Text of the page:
We go to the pub several times a week — more often than most of our friends and family — but sometimes feel under pressure from the collective weight of pub campaigners, messages from the trade, and fellow enthusiasts, to pull a bit more weight. Don’t ask us for specific examples — this is just a sense we’ve picked up over several years drifting about in the conversation.

But we reckon the saving of the pub (if it needs saving — an entirely different conversation) is in making it a normal part of everyday life for more and different people. We have plenty of acquaintances who used to go to the pub, who have a good time at the pub when they do, but just… don’t.

Why not?

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Session #112: The Secondary Beer Economy — Bought the T-Shirt

This month Carla Jean Lauter asks us to consider all those businesses that aren’t breweries but that support or surround the brewing industry.

Her announcement of the topic opens with this eyebrow-raising statement:

Last year, the total economic impact of the beer brewing industry in the state of Maine was approaching the same scale as the lobster industry. Let that sink in for a second.

What leaps out at us from Ms. Lauter’s post is the omission of pubs and off licences (bottle shops) which are not (usually) breweries but are a considerable step up in terms of fundamental importance from some of the examples she gives, e.g. a firm that makes fancy bottle-openers.

And that’s one way of cutting this:

  1. Businesses that are essential to drinking beer.
  2. Those that can enhance the enjoyment of beer.
  3. Parasitic businesses that add little or nothing.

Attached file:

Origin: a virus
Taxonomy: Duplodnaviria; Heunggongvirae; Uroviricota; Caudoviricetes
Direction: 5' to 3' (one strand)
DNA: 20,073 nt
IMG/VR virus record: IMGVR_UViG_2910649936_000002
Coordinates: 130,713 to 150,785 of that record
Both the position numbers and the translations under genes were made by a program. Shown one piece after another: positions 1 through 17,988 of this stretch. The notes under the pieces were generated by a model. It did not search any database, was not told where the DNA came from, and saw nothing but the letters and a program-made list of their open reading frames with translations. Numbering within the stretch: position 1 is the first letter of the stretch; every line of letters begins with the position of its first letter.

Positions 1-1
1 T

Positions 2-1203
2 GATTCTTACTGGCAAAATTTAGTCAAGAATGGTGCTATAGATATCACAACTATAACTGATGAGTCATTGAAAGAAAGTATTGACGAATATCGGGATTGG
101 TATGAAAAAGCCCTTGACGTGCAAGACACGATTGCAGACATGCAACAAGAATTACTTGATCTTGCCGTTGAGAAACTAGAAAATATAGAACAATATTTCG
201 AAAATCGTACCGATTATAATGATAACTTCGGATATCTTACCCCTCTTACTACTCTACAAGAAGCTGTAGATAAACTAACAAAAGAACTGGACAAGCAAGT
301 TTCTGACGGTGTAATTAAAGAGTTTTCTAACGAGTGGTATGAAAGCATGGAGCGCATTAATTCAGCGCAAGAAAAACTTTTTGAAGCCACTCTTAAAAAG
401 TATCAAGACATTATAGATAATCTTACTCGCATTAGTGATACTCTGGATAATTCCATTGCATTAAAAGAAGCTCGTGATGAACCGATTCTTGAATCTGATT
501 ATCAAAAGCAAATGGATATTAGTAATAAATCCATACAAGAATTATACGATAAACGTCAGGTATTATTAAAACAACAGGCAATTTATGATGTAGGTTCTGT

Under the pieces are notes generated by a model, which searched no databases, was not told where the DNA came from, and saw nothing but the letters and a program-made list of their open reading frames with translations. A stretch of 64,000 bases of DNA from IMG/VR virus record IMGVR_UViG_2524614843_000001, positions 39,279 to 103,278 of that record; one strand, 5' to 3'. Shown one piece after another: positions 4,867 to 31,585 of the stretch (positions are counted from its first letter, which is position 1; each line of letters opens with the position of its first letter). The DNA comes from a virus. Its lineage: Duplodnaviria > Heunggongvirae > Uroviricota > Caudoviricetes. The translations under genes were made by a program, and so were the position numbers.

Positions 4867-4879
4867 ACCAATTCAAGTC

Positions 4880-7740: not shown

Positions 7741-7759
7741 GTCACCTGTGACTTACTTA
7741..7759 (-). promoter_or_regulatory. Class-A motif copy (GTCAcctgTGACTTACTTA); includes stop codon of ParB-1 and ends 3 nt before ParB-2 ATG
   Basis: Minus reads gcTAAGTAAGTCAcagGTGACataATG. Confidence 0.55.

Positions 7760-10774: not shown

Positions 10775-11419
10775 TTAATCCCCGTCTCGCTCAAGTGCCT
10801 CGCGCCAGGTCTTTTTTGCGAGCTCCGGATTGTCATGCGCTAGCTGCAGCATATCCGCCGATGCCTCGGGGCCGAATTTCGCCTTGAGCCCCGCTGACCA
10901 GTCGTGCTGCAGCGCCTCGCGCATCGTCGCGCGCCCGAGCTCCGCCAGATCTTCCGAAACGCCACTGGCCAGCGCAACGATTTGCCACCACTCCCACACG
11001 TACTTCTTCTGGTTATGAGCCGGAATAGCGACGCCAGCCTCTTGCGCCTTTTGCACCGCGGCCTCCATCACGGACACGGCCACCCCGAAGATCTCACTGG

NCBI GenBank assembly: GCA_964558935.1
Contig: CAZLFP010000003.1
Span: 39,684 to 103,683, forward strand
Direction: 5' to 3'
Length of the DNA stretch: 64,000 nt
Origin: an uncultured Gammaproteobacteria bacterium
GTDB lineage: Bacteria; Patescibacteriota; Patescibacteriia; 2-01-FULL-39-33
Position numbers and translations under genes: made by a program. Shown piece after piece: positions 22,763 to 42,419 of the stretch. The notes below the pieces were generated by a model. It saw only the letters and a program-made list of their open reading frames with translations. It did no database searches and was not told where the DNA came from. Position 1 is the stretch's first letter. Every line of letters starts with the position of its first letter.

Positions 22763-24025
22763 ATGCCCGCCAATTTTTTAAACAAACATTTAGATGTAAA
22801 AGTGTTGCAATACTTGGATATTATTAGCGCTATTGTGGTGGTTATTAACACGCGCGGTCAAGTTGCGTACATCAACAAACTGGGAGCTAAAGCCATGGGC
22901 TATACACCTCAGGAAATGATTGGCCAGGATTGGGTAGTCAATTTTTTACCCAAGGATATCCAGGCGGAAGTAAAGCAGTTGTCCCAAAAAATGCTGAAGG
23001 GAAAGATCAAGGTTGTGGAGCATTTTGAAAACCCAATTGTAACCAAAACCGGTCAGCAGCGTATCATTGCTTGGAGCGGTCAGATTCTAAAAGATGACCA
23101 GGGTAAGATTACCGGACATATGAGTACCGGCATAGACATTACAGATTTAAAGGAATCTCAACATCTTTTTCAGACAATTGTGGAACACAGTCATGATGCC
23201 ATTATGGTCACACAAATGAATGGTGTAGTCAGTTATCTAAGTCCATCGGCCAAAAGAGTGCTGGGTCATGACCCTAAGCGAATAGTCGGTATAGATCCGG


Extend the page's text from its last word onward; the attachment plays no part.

Tempting as it is to spend the entire post ripping into number three — all the press releases we get about beer-flavoured soaps — we’re going to focus on something we think belongs in that middle section, even if at first glance it might seem classically parasitic: T-shirts and hats and the like.

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GALLERY: Beer Ads From the New Elizabethan Era, 1951-1953

We’ve been collecting these beer advertisements from booklets and magazines published in the celebratory period from the 1951 Festival of Britain to the Coronation in 1953 and, though we’ve shared the odd one on Twitter before, thought we ought to collect them in one place.

A ten-sided pint glass on an inn-sign: "A health unto Her Majesty".
SOURCE: Illustrated magazine, Coronation souvenir issue, 13 June 1953.

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Boddington’s Pump Clips, 1963

Macro shot of Boddington's logo on old paper.

Here’s a little detail that caught our eye in the Boddington’s Brewery board minute books, from August 1963: an order for pump clips.

Advertising — Pump Clips.

It was decided to place an order with Nightingale Signs Ltd for 5000 Pump Clips, yellow barrel design, at 3 and 4 each, to be apportioned as follows:-

2500 Bitter Beer
1250 Best Mild
1250 Mild

We didn’t notice any earlier reference to pump clips in these documents, but that doesn’t mean there weren’t any — we had half a day to read the lot and might have just missed them. And even if this is the first mention of pump clips, it might just be that no-one bothered to write it down before this point.

But, still, our gut feeling is that this was recorded precisely because it was the first time — it was something new for Boddington’s, and literally remarkable.